Cold War

The Cold War Might Not Be Over — and the US Is Making It Worse

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In the historic port city of Yalta, located on the Crimean Peninsula, I visited the site where Churchill, Roosevelt, and Stalin, in February of 1945, concluded negotiations ending World War II.

These leaders and their top advisers were also present at the creation of the United Nations and other instruments of international negotiation and non-military cooperation. Tragically, the creation of the “Cold War” was underway soon after.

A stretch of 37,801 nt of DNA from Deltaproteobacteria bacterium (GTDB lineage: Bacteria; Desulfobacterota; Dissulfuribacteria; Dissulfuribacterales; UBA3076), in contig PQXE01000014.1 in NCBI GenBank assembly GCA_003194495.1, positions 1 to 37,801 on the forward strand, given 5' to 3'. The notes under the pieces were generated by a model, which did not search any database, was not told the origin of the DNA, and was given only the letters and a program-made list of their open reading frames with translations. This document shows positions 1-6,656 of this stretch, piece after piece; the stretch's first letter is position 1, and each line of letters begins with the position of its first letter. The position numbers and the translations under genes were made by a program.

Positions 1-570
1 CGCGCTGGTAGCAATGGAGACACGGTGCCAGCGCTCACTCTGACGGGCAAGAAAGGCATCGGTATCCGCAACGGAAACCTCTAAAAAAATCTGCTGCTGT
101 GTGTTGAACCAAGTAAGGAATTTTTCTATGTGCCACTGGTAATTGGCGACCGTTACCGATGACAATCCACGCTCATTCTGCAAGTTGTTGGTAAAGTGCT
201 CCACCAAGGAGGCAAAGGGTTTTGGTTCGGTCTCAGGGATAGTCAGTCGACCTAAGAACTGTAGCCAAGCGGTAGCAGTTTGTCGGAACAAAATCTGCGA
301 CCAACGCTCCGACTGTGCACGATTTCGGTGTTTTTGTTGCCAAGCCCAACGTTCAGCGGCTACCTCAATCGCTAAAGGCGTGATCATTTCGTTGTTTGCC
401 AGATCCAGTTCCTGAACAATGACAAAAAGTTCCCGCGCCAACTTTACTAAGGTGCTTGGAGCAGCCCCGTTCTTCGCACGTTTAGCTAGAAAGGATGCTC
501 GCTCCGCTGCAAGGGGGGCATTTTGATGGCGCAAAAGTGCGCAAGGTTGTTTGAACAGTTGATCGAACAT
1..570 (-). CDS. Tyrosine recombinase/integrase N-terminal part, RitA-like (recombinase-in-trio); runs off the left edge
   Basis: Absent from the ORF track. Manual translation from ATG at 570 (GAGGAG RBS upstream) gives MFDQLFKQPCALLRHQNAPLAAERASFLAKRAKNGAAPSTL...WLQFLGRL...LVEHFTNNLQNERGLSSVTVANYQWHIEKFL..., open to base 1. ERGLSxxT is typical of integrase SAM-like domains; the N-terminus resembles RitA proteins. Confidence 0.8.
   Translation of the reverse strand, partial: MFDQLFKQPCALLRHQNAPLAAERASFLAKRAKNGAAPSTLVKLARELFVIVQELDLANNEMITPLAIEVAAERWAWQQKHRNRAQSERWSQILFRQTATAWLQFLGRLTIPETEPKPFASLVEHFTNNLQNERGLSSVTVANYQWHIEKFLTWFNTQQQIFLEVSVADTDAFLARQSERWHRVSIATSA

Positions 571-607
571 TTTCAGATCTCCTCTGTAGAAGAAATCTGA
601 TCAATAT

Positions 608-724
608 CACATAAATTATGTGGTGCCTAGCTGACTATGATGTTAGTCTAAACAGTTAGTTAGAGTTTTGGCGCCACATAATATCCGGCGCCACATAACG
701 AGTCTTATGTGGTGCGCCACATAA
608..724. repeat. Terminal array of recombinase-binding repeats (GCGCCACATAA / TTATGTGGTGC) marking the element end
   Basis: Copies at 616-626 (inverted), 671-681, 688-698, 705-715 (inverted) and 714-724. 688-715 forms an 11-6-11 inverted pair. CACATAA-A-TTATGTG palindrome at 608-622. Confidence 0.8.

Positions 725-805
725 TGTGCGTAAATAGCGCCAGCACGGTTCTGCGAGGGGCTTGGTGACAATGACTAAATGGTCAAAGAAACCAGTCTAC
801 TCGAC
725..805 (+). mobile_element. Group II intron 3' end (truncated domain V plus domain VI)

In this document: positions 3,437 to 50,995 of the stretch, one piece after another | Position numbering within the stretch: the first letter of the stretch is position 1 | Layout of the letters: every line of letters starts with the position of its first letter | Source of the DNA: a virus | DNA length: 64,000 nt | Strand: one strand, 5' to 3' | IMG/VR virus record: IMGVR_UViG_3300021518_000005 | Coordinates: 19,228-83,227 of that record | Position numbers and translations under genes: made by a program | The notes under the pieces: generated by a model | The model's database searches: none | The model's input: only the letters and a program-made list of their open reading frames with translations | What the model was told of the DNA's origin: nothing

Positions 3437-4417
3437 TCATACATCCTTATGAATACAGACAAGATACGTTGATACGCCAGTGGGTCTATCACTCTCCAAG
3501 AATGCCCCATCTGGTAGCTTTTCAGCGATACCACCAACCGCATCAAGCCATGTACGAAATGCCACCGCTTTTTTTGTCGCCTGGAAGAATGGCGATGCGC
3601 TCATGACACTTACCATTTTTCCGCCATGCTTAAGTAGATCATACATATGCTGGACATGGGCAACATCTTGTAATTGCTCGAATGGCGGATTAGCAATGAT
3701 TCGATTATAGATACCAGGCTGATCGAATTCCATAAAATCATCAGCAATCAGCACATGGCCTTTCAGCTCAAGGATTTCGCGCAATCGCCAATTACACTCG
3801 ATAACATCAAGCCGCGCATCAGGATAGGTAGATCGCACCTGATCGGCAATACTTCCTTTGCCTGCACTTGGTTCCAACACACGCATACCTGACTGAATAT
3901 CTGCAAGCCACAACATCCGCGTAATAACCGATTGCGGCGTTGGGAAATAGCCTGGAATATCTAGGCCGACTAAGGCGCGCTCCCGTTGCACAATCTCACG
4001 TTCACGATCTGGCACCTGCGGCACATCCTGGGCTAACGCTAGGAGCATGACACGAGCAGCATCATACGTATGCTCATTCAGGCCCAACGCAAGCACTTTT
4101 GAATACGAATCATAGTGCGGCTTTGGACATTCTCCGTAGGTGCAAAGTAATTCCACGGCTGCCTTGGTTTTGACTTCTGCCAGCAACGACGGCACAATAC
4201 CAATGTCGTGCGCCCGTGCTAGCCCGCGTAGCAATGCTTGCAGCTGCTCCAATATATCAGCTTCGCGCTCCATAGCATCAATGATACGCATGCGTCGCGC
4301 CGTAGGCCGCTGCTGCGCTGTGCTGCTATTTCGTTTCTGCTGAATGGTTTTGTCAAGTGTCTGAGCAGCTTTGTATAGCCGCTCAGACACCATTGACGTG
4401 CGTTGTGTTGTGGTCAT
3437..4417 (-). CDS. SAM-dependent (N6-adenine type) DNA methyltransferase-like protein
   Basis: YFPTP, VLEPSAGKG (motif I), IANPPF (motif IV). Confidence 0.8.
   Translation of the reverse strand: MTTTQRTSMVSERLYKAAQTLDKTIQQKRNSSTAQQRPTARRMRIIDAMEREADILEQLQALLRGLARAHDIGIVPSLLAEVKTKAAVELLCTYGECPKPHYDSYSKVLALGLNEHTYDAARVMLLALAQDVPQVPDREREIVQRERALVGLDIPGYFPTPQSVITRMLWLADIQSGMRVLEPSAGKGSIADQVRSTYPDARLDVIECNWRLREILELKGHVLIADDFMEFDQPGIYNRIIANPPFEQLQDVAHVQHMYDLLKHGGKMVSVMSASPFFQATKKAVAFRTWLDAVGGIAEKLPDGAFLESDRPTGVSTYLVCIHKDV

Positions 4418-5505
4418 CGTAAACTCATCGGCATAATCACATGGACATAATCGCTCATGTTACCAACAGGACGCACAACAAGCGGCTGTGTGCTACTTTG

Plain Talk

From Rams
From Rams

When Ronald Reagan and Mikhail Gorbachev met in what has been seen as the beginning of the end of the Cold War, the venue was an unassuming house overlooking the sea in Reykjavík, Iceland. Höfði House had been previously occupied by the poet Einar Benediktsson, who once wrote, “Take notice of the past if you would achieve originality.” Whatever else Einar meant, at this house, the necessity of learning from history can’t be ignored.

It is easier to imagine today’s enemies talking once you’ve seen the house. You see, it’s not the Avengers’ home base or one of those underground lairs favored by James Bond villains. It’s just a house, surrounded by the typical trappings of a small city—business headquarters, cafes, supermarkets. The Icelandic government uses it today for social gatherings. And what happened in it 30 years ago was at heart two people communicating, with a shared goal that transcended them both.